In reviewing this weeks new articles on health and wellness, Came across this article which I wanted to summarize for you.
Weighing The Treatment Options For Scoliosis
Scoliosis, which affects about seven million Americans, can begin in infancy but most often is diagnosed in people between the ages of 10 and 15 – the peak years for growth and development. It can range from a mild curvature that usually doesn’t require treatment, to extreme deformities that can threaten the lungs and heart.
“At this point, we still don’t know who is going to get scoliosis, why they get it, whether it is going to progress, or how it will progress,” says Joseph O’Brien, president of the nonprofit National Scoliosis Foundation.
What Are The Best Treatment Options For Scoliosis?
Questions remain about the best treatment. While bracing has been used for decades, it doesn’t work for everyone; researchers are currently trying to identify when wearing a brace is most effective. Meanwhile, new surgical techniques that don’t require fusing are being developed to gradually straighten the spine as it grows.
It is also unclear when curvature caused by scoliosis is likely to get worse—girls tend to be at higher risk for this than boys, as are children who begin to develop scoliosis at a very young age. Some doctors are using a new genetic test to determine who is most likely to see the condition worsen.
Early Screening May Increase Treatment Options For Scoliosis
Schools once regularly tested for the condition, but the practice has fallen off since 2004, when a federal task force said there wasn’t enough evidence that showed the screenings were effective. I regularly see young children and adults with scoliosis who did not know they had it, even though they were screened at school. About 18 states still require schools to test children, but scoliosis is most often detected by doctors during regular checkups and sports physicals. Parents can also watch for signs, such as one shoulder blade that appears more prominent than the other, uneven hips or a child’s body leaning to one side.
As you can see, this is a very confusing for parents, seeking the best treatment for their children. Since I began practicing in Virginia Beach, near Mt. Trashmore in 1995, I have evaluated thousands of children and adults and helped them decide on treatment options for scoliosis. Sometimes we have to refer them to a surgeon, and sometimes with proper stretches, exercises and time phased physical therapy and chiropractic care we can reduce the curvature and keep the spine from worsening.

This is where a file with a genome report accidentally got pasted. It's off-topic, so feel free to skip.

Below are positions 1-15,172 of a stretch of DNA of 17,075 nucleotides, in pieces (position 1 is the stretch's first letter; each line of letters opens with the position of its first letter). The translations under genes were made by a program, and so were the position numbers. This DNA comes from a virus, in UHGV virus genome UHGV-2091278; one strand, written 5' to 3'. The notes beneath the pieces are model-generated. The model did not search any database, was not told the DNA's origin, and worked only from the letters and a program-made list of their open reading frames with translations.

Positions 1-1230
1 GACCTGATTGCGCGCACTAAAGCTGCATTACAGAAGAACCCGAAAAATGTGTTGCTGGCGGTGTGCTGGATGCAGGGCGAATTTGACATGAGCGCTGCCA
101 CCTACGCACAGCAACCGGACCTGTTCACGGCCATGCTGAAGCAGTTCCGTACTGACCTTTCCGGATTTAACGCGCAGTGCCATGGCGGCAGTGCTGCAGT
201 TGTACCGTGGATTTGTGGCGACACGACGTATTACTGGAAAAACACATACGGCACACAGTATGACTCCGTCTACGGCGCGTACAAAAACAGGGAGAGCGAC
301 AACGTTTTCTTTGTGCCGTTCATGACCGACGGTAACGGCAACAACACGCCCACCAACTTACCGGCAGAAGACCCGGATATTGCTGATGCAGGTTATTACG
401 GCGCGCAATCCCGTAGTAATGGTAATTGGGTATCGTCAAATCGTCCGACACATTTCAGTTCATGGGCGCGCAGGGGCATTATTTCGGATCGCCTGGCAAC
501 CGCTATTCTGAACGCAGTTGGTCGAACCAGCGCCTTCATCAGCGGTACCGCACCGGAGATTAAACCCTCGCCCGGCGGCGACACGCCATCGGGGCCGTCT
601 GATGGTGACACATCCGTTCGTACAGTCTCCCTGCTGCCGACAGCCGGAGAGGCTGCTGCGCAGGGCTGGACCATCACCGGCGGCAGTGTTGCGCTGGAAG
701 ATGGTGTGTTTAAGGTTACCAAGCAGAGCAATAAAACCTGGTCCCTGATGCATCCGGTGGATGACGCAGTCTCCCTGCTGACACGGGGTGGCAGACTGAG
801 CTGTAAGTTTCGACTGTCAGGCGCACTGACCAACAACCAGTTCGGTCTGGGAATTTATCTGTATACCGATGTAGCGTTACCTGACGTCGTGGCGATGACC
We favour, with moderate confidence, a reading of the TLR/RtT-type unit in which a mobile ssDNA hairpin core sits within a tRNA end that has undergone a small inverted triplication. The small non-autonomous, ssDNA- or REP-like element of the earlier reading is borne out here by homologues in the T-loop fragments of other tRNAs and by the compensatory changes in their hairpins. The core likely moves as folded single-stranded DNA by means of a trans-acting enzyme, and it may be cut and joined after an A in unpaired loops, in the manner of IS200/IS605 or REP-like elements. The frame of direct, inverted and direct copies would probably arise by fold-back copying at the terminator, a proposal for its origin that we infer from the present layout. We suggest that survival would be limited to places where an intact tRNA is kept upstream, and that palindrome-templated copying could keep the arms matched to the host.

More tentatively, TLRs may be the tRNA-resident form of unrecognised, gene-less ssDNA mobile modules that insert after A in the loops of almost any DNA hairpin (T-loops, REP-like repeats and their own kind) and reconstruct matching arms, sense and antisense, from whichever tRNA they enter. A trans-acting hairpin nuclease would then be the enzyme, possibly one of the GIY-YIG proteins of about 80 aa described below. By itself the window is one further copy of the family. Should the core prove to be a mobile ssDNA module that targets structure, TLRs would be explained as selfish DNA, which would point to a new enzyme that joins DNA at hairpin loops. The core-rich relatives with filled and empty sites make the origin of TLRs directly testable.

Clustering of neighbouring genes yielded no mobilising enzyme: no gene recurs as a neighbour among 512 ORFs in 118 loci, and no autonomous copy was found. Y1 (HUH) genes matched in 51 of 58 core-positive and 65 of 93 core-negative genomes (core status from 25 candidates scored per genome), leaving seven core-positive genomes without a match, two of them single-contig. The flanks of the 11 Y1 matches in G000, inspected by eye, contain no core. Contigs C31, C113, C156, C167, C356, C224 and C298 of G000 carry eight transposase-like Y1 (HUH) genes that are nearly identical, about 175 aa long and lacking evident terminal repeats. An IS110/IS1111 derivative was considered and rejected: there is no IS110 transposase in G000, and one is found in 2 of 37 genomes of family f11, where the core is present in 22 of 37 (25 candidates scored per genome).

Advances In Technology Can Help Identify The Best Treatment Options For Scoliosis
In my field, chiropractic, we have a remarkable computerized instrument to determine if yours or your child’s scoliosis is related to joint challenges in the spine. The instrument is called the ProAdjuster (also called the Pulstar), developed by Sence technology. When vertebrae are not moving in their normal range of motion, it leads to nerve pressure, which causes isolated muscle spasms and muscle weakness. When the weakness and spasm occurs, it can lead to an imbalance in the axial frame (spine). This causes a person to slouch, lean to one side, have a high shoulder, or uneven hips, which all can lead to scoliosis.
The ProAdjuster is a computerized instrument that gently taps into the neck to determine if there is a lack of normal motion in the spine leading to scoliosis. The test is painless, accurate, and computerized, and it works great to see if the patient’s joint restrictions are a contributing factor to their scoliosis.
If the joint is not moving properly, the instrument will gently tap into the joint at a remarkable speed up to 90 times a second to establish proper motion and relieve pressure. This allows the muscles to relax, and in turn strengthen, which can reduce the scoliosis and even prevent it from worsening.
I am not saying that all scoliosis can be helped this way, but an evaluation including the computerized scan is a must to see if this effective and safe care choice is a viable choice for the patient.